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Statement by H.E. Tiina Intelmann, Ambassador-at-Large for International Criminal Court at the Ceremony for the Solemn Undertaking, ICC

28.03.2012

Excellencies,

Ladies and gentlemen,

We are assembled here for the solemn undertaking of the oath of office of five new judges elected in December by the Assembly of States Parties, whom I have the honor to represent today.

In the second decade of the 21st century the most atrocious crimes are still being committed around the world. Innocent people are being subjected to horrendous suffering, torture, mutilation and sexual crimes. In many instances the yearning for justice remains unanswered. It is thus indispensable to continue the fight against impunity.

We are about to celebrate the tenth anniversary of the entry into force of the Rome Statute. During the first decade we have established the Court, put in place its normative and operational framework, also have overcome numerous concerns and addressed misperceptions about the novel institution. Furthermore, we have worked diligently and effectively towards universality of ratification of the Statute. I intend to focus part of my time in encouraging additional States to join the Rome Statute family, thus limiting as much as possible the space where crimes may not be properly investigated.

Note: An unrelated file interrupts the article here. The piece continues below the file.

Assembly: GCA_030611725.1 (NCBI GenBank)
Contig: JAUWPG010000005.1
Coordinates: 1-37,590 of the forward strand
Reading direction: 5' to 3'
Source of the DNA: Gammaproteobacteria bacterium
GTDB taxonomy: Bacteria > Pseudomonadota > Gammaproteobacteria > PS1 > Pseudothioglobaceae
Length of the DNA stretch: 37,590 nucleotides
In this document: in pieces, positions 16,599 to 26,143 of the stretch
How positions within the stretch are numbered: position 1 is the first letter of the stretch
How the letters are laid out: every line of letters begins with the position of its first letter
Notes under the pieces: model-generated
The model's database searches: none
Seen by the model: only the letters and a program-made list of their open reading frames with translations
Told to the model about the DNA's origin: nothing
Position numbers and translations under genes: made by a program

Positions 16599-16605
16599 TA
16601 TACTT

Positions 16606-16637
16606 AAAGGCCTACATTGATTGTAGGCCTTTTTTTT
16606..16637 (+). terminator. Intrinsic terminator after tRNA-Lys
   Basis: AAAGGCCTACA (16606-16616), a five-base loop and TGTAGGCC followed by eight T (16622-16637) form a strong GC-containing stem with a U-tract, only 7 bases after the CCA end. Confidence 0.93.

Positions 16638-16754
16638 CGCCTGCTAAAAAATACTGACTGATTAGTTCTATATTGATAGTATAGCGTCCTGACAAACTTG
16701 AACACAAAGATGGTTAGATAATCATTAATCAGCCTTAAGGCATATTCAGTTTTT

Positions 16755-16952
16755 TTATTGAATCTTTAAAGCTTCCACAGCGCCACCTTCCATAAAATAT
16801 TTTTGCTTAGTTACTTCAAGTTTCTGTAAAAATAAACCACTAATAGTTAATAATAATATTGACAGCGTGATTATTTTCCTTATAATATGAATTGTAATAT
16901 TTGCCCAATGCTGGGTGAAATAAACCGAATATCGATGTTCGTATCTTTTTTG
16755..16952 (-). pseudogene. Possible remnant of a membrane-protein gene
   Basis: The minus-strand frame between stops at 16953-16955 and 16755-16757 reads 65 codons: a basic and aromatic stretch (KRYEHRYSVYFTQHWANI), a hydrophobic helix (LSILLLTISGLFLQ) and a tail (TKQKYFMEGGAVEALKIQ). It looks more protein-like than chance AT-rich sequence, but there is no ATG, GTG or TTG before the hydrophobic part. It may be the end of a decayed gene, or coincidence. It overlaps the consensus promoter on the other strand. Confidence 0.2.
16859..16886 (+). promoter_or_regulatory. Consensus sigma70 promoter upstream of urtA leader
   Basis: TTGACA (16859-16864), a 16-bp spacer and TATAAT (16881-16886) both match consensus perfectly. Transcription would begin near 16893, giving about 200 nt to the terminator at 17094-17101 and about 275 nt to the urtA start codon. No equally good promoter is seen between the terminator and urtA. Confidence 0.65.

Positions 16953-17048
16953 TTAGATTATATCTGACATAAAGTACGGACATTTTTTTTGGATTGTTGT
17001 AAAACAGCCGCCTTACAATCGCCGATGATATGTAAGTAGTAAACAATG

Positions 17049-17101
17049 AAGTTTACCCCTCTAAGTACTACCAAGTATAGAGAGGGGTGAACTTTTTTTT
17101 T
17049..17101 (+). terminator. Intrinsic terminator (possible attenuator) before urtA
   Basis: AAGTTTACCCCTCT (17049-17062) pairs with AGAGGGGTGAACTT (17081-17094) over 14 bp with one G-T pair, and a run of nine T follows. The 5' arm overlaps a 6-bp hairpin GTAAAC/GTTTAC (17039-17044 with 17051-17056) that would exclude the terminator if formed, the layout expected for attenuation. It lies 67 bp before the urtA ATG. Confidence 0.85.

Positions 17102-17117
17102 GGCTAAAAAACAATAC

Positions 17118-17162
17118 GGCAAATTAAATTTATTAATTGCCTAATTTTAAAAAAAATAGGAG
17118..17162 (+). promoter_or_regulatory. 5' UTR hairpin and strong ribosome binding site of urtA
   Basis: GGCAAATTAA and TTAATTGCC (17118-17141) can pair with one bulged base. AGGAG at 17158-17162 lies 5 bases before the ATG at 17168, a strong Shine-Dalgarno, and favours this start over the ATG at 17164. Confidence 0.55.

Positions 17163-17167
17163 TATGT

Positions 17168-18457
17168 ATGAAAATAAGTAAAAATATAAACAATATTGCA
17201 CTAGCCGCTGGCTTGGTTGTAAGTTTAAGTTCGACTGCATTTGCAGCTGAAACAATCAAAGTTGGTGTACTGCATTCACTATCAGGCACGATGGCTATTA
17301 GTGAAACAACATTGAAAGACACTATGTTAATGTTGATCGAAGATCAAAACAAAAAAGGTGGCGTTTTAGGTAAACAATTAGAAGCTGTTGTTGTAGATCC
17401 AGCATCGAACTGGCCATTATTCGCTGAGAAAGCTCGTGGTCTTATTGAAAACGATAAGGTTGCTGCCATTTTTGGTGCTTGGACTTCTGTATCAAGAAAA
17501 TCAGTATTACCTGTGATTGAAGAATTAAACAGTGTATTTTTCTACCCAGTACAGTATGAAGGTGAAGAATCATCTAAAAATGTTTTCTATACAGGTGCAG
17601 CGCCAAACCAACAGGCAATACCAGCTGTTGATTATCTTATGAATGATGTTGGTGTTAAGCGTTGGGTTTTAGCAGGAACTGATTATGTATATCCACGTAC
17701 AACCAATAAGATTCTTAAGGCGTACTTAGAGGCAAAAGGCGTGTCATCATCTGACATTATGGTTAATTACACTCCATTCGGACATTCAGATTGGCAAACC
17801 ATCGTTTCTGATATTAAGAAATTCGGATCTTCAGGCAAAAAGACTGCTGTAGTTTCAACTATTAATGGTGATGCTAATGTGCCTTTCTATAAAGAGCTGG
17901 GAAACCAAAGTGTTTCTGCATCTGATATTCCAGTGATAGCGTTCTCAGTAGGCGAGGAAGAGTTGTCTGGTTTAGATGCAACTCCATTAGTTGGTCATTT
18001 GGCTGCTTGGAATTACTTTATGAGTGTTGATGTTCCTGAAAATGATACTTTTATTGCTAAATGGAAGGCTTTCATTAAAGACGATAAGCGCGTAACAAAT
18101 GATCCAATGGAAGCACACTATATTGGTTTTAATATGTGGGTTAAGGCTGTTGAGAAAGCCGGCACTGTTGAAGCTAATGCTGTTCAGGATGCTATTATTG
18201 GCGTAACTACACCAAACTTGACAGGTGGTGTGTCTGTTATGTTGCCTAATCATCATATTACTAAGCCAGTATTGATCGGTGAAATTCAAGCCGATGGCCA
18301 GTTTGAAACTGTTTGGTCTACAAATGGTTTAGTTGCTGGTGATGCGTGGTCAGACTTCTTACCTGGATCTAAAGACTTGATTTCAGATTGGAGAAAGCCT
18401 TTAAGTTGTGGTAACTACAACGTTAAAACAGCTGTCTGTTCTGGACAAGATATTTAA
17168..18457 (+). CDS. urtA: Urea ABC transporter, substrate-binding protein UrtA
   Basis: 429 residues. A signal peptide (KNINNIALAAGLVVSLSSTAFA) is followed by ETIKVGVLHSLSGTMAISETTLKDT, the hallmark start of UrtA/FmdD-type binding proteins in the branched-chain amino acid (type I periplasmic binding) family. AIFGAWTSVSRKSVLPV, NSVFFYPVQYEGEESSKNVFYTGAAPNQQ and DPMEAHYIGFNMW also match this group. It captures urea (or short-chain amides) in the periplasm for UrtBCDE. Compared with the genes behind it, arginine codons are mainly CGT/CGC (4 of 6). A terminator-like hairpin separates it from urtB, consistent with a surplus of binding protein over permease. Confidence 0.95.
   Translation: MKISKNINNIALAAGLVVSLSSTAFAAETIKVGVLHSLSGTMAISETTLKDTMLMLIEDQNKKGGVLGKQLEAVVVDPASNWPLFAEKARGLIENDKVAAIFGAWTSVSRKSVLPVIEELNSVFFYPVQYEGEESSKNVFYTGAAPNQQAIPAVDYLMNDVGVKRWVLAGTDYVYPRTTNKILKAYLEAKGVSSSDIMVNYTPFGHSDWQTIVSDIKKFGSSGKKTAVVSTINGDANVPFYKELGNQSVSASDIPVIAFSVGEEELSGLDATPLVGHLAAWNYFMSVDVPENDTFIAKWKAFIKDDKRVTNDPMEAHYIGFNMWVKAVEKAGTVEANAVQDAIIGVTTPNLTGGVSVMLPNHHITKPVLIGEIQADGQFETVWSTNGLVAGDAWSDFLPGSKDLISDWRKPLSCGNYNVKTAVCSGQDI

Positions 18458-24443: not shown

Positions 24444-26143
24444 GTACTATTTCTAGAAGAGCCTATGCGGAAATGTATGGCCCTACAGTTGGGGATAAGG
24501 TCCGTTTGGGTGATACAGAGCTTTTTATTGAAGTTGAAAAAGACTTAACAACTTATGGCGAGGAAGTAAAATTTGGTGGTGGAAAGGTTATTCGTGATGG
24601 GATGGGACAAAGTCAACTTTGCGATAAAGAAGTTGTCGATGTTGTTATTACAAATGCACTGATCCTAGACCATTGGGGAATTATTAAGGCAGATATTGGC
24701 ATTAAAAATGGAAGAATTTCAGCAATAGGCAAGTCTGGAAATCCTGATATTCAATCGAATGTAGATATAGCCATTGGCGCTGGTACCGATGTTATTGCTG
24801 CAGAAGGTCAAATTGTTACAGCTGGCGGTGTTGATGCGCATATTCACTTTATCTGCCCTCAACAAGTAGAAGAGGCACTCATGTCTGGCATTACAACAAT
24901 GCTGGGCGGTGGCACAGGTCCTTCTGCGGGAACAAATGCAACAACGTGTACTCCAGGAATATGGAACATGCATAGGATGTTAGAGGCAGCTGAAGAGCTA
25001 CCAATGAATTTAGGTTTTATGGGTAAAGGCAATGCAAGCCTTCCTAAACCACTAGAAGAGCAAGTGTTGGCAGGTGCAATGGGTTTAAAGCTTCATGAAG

In a few days, the Court will deliver its first judgment. This is a new milestone, an event the international community has been waiting for.

The Court’s institutional reputation and its place in the international system are contingent upon the ability to deliver justice with all the guarantees of a fair trial, in accordance with the Rome Statute.

Imparting justice in cases brought before the Court is a complex and sensitive undertaking. The responsibility and the challenges are enormous.

The Assembly has elected judges in regular three cycles for the past nine years. The Assembly has also assumed its responsibility of providing the Court with the requisite support in many different areas, including continuing strong diplomatic and political support. States Parties are making extra efforts to endow the Court with the requisite financial resources.

It was a special honor for me to have chaired the tenth session of the Assembly of States Parties where six judges were elected.

At its 2nd meeting, held from 12 to 16 December 2011, the Assembly proceeded to elect six judges of the International Criminal Court in accordance with the relevant provisions of the Rome Statute, as well as of resolution ICC-ASP/3/Res.6.

The following candidates were elected judges of the International Criminal Court:

(a) Anthony Thomas Aquinas Carmona;

(b) Miriam Defensor-Santiago;

(c) Chile Eboe-Osuji;

(d) Robert Fremr;

(e) Olga Venecia Herrera Carbuccia; and

(f) Howard Morrison.

On behalf of the Assembly, I thus welcome the incorporation of the new judges to the bench of the Court, who, I know, will earnestly assume these challenges.

I also take this opportunity to convey the appreciation of the Assembly for the valuable contribution of those judges whose mandates are expiring.

The Court should rest assured that it will have the support of all States Parties as we remain united and relentless in our common struggle to fight against impunity.

May I conclude by thanking the Kingdom of the Netherlands, the host State, for the support it offers to the International Criminal Court.

Thank you Mr. President.

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